We, of course, didn’t forget to take the ferry to Liberty Island to see the Statue of Liberty. There was not a single cloud on that day, and the shining sun was our best company of the day to keep all of the pictures we took flawless. The Empire State Building was a long queue worth to wait, as the view from the top of the building was just brilliant. We only saw tons of buildings, of course, but somehow I don’t know if it has anything to do with how the city was arranged or just because the angle of the sun on that day made the place look absolutely stunning from above, but it was just impeccable.

And Brooklyn Bridge. Truthfully, I didn’t find this major attraction to be attractive if it wasn’t because of–again–the perfect blue sky circling hundreds of humans walking on top of this bridge that afternoon. I didn’t even feel like I got a single proper photo of myself here, lol. Anyways, we then also managed to see the ultimate Christmas experience of NYC by visiting a beautifully decorated neighborhood of Dyker Heights, where I’m quite sure will probably forever be my best Christmas experience ever! It was just amazing to see how passionate people could be about decorating the whole neighborhood even for only few days celebration, not to mention that the lightning were indeed superb.

On our last day, we decided to walk separate ways. And of course after spending days of observing common most touristy places, my keyword for Googling on that day was “New York City hidden gems” which brought Adhi and me to explore Pomander Walk, which I myself honestly think one of the best sightseeing spots I’ve encountered in Manhattan. It is basically a supersmall neighborhood of Old English charm, full of colorful houses in a quiet, serene block that seems to be desolated from the hustling NYC life outside the entrance. You’ll have to peep through the gate because apparently that vintageous, Victorian-styled door was locked for outsiders, but that’ll still get you some picturesque images worth Instagramming!

Adhi and I are fans of walking casually in a street of a city that’s new to us, so we then walked to the Hudson River Greenway, where I think I have found my favorite spot in Manhattan. The road to get there was surrounded by houses of red bricks in some rather quiet blocks of neighborhood, so American urban yet peaceful at the same time. We walked upon those calming streets to get to the river, where a green, beautiful park is situated in a background that somehow even reminds me with San Fransisco even though I’ve never been to San Fransisco, lol.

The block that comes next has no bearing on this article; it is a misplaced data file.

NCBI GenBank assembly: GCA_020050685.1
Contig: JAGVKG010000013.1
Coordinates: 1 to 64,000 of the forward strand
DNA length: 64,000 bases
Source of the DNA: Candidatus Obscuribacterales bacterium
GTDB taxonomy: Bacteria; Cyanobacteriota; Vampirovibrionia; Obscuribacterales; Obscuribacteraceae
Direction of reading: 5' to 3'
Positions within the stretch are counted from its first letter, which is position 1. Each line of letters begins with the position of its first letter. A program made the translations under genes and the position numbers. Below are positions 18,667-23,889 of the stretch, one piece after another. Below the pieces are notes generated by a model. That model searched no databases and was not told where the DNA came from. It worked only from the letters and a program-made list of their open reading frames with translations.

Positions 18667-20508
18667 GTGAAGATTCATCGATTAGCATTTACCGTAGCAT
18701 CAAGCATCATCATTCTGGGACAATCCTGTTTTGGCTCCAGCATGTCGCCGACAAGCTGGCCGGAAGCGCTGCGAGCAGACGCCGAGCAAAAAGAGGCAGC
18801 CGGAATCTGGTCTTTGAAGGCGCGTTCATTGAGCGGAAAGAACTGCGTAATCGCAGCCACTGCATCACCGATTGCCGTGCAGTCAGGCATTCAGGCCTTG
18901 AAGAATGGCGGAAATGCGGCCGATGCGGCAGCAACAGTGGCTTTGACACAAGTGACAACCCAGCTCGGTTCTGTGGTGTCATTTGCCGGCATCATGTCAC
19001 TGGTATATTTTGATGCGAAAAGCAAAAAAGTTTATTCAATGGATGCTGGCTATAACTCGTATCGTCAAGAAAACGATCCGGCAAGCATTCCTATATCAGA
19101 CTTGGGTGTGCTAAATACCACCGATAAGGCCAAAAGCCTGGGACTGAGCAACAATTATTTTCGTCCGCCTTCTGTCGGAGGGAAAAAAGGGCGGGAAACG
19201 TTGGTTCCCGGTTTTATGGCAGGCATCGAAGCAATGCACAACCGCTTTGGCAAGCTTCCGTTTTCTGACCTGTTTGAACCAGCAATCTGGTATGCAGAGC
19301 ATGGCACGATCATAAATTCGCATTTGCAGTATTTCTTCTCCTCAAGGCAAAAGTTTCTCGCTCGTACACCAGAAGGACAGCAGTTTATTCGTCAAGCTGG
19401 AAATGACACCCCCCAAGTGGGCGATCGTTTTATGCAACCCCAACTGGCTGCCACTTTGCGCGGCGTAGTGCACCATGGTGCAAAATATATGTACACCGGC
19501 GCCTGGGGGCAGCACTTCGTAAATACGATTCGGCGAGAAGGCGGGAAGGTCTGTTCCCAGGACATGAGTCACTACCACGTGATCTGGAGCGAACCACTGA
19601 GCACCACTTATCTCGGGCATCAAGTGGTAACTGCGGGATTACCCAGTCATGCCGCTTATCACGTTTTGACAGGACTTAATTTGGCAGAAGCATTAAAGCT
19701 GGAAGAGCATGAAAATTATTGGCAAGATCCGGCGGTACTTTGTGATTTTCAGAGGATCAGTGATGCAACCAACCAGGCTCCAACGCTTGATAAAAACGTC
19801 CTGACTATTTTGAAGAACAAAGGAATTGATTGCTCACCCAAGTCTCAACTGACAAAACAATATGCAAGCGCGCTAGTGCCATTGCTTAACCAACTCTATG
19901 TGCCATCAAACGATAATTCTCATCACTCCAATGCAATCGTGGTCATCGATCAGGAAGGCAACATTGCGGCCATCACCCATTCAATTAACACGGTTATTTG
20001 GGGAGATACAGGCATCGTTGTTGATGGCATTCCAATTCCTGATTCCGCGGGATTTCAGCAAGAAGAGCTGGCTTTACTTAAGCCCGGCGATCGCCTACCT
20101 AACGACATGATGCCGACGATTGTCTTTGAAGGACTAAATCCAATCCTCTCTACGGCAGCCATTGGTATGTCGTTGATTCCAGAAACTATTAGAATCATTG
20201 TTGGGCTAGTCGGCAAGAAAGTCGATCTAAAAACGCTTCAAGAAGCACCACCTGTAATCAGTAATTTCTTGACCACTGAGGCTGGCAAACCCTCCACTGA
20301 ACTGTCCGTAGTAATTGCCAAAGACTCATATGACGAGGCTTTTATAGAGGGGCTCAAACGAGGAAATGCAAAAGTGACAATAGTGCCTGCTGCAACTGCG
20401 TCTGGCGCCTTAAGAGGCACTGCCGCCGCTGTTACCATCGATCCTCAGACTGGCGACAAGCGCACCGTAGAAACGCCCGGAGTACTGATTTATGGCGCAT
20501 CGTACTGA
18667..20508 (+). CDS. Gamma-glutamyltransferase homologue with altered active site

This was a typical park, with neat benches along the small paveways that separate us with the river, where New Yorkers bicycle, walk their dogs, jog with their headphones on, in other words doing things other than working. Just living life in casual ways worth living for. That bench under the trees was a perfect spot to sit and stare at the horizon, while listening to your favorite chilling tunes from a shared headset with your companion. I could sit there for hours, reading books that I never had time to finish because the moment was there to bring such reading mood back again. But after some time, we then decided we should probably get going to explore the most hipsteresque neighborhood in NYC: Williamsburg.

When we got there, it was evening already, but we managed to go to the park next to the river where the lights from all skyscraper buildings surrounding the river were all lit and seemed very enchanting. The next best thing that happened to us was to stumble upon this super-hipster store that was still open at night, and was definitely the store of my lifetime dreams.

And of course the street food was a wrap. I cannot name all places where we had the chance to taste American diner at the very heart of the country, but nevertheless, my tummy was all about being joyful.

Other places that we visit that you probably should too if you haven’t, although these are not my personal favorite:

  1. Dumbo
  2. City Hall Station
  3. 911 Memorial
  4. Wall Street area

And of course, Atlas Obscura has always been my top source of hunting hidden gems. They even have 276 places listed on New York which should be more than enough for you to explore even the most less-taken pathways in every corner of the city.

Last but not least, NYC might never be my typical favorite kind of city, as I’m not even bothered by the fact that we skipped Top of the Rock, Flat Iron Building, Madame Tussauds, and many other top touristy spots, but I think these has been one heck of a trip of visiting a city I never knew I would be very much interested in. It’s true that I was leaving not as a new fan, but nevertheless this city makes me believe that even in the strangest places, you could still find home, as long as you have right companions to guide you along the way.


Kindly visit my photo blog to see more (and better) pictures from the trip, here.